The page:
Academic journal article The Conradian : the Journal of the Joseph Conrad Society (U.K.)

Joseph Conrad at the London Sailors' Home

Academic journal article The Conradian : the Journal of the Joseph Conrad Society (U.K.)

Joseph Conrad at the London Sailors' Home

Article excerpt

I am not likely to forget my early days in Well Street and the good will shown to a stranger by all there - and especially by your late Father, who so kindly assisted me in becoming (I hope not an altogether unworthy) British subject; and your own uniform kindness. Kindly give my best regards to Mr. Newton, my only teacher, and to Mr. Bastard, my first watch officer . . .

To Vernon Weston, 26 May 1896 (CLl 283)

I have been in touch with the Sailors' Home for sixteen years of my life, off and on . . . between the years 1878 and 1894. I have listened to the talks on the decks of ships in all latitudes, when its name would turn up frequently.... I would say that, for seamen, the Well Street Home was a friendly place ... quietly unobtrusively, with a regard for the independence of the men who sought its shelter ashore, and with no ulterior aims behind that effective friendliness.

"A Friendly Place" (1912; Notes on Ufe and Tetters 203)

WITH THESE generous words Joseph Conrad acknowledges his indebtedness to one of the most important of London's seafarers' institutions and, by extension, his familiarity with the worldwide network of charitable welfare provision in ports, which was largely British in origin. In his time such facilities for mariners ashore were also likely to be provided by or associated with the Protestant religion. From the time he first frequented ports as a prospective seafarer in Marseilles in 1874 he could not have avoided becoming aware of the seedy side of port districts, dubbed "Sailortown" by writers describing social conditions in ports, nor of the seamen's missions, sailors' rests, seamen's institutes, sailors' homes, and seamen's hospitals opened by such charities amidst the businesses that lived off shipping and their crews close to where ships berthed (Hugill 1967; Smith 1924; Smith 1925). With the notable exception of the Singapore Sailors' Home (established 1849), these institutions do not feature significantly in his writing and are, apparently, under-represented in the extensive contextual writing about his life and works (Sherry 1976: 20, 176, 182-83; Young 1992: 70- 71).1 This is despite the long periods, unusual for a seafarer, that Conrad spent in ports between voyages during his sea career.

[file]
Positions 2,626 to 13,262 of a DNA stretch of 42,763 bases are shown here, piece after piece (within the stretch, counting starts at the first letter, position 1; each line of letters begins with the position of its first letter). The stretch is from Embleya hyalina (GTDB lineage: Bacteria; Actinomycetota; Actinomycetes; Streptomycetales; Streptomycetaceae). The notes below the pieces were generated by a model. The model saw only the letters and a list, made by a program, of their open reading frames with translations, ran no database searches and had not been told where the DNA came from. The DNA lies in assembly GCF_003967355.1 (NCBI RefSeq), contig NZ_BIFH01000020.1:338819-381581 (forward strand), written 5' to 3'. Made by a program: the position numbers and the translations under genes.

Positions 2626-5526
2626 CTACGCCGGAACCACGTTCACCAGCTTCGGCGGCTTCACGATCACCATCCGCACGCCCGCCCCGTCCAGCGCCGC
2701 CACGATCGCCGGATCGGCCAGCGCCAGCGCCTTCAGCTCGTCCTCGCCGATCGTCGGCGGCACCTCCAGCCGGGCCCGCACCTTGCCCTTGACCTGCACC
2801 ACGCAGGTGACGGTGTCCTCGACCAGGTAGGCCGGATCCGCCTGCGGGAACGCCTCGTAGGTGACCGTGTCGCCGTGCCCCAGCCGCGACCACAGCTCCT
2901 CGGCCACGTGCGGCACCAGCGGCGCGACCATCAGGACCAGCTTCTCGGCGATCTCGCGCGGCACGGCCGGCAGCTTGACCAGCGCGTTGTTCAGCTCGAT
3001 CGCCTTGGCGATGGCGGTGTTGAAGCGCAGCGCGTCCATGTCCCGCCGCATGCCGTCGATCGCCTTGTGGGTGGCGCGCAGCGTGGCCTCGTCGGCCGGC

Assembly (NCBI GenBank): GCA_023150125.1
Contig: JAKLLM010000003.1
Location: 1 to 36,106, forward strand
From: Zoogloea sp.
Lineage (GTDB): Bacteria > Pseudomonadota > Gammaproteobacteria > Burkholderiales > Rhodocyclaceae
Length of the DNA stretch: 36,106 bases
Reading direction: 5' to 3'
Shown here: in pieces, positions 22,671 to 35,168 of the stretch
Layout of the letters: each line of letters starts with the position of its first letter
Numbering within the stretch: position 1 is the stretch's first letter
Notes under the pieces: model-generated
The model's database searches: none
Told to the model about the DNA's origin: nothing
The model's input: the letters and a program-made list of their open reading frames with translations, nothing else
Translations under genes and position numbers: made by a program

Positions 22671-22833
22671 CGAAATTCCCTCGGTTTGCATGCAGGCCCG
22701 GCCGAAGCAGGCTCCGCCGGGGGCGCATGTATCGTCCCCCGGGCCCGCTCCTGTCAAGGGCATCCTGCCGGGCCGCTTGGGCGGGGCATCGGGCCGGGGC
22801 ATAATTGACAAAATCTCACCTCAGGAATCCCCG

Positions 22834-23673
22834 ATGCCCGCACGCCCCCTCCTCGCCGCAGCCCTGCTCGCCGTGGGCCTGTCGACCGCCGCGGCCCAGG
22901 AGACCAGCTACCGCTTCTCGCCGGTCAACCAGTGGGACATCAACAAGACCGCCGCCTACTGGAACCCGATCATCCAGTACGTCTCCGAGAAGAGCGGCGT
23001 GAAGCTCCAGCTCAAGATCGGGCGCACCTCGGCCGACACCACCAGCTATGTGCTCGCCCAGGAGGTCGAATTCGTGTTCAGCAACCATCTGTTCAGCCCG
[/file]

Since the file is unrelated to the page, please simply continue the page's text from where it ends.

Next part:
Although his biographers have attempted to locate Conrad in lodgings ashore when he was between ships, they appear not to have considered the seafaring charitable accommodation found in larger ports (Singapore excepted) or the ever-present commercial seamen's lodgings (van Marie 1976b; 1979; 1985). Yet the areas in which these were located were inevitably the first Conrad encountered when setting foot ashore and the last when outward bound. That of London, especially the older area immediately east of the Tower, was at the heart of his seafaring experience ashore in Britain. In the 1880s, it had not yet lost the exotic and international mix of individuals, social facilities, degradation, smells, noise, shipping-related businesses, and industrial and commercial activities that writers on the area have attempted to portray. Even in the early twenty-first century some vestiges of the area of Conrad's time remains, not least the part of the original building in Well Street and the 1950s replacement in Dock Street, of this first of all sailors' homes.

Conrad certainly walked the streets east of the Tower, in connection with his ships and with his involvement in the British merchant seafaring regulatory regime (see Fig. 1; Hampson 1992). At the beginning and at the end of voyages in London he signed on and off his ships at the Mercantile Marine Office in Hammet Street, Tower Hill. From 1851 to 1873 it had been in the Sailors' Home, and from 1895 it was in an adjacent building erected by and rented from the Home in Well Street. He was examined for his Certificates of Competency as Second and First Mate and Master - all "ordinary" (that is, sail and steam) and foreigngoing (that is, international) in the London Local Marine Board's examination rooms in the same area, and he studied for these qualifications in the Home's own Navigation School (van Marie 1976a; Mörzer Bruyns forthcoming). …

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